For instance, you use jaws of life, opponent is resisting, switch immediately to superman, or vice versa. You also have to "sell" and commit to the sweep in order for your opponent to react.

    I used to think the Kimura was a muscle man submission, but now it's my go to. So many setups and it's a very strong control grip.
     
  9. BrainBar

    BrainBar Orange Belt

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    My basic philosophy on all this: I started BJJ at a Relson Gracie affiliate. When Relson would come through town and teach, he'd say "You may know 400 techniques. But I'm so good at only my 40, that you'll never beat me". He meant it as in saying for every new technique you drill, drill a basic one 100X with it. You will ALWAYS end up needing those 40 or so basic techniques and submissions.

    So, I always think back to Relson's advice. Sure, learn all the stuff you want, learn new techniques. But, you will always end up back at the basics, and if you are great at 40 techniques, you'll probably always beat a guy is average at 400 techniques.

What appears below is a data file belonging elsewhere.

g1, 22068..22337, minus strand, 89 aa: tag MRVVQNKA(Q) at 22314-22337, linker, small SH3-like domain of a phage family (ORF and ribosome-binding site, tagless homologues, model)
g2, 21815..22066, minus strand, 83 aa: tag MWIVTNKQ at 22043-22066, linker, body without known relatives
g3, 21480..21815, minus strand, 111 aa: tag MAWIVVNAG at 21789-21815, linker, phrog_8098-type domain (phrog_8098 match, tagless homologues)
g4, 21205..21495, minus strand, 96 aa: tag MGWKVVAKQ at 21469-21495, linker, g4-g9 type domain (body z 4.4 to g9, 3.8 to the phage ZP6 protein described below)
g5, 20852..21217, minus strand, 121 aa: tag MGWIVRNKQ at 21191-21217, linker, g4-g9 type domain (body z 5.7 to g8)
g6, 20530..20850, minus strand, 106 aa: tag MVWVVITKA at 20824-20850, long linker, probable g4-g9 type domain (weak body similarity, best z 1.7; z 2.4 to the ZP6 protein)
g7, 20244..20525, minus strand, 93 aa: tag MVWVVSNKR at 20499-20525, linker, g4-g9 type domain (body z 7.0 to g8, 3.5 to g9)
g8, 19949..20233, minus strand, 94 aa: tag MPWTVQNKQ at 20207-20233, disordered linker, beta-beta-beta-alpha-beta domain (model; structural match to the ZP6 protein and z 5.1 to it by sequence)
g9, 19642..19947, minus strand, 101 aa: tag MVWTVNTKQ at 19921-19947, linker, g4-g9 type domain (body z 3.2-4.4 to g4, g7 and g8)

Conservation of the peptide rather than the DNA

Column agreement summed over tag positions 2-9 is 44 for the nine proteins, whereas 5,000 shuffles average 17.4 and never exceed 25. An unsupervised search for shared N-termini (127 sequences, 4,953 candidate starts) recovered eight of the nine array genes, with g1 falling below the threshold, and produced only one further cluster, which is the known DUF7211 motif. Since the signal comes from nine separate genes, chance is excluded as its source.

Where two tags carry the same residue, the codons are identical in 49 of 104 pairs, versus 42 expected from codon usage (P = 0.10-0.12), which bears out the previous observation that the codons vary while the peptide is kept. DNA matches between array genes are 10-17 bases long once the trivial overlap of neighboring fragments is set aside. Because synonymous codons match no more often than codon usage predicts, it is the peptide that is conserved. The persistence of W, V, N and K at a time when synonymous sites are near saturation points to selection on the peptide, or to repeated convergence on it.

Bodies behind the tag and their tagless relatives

Those old classes he ran, and his affiliate instructor ran, were often boring, tedious and tiring. Armbar drill for 10 minutes each. Shrimps. Sit up sweep 10 minutes each. Side control escape 10 minutes each.

    Every class. Basics, over and over and over, drilled and drilled and drilled. And occasionally a new fancy technique would be shown and taught. Only to be followed by more basic drilling.
     
  10. BrainBar

    BrainBar Orange Belt

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    I agree. I love that sweep. I've often found that when these sweeps fail, its from being too loose and giving the opponent enough room to situate his weight, or, not getting hips high enough. Or of course forgetting to trap the arm.

    Or, as I joke, "The technique wasn't that good until I got good at it, then it started working" haha.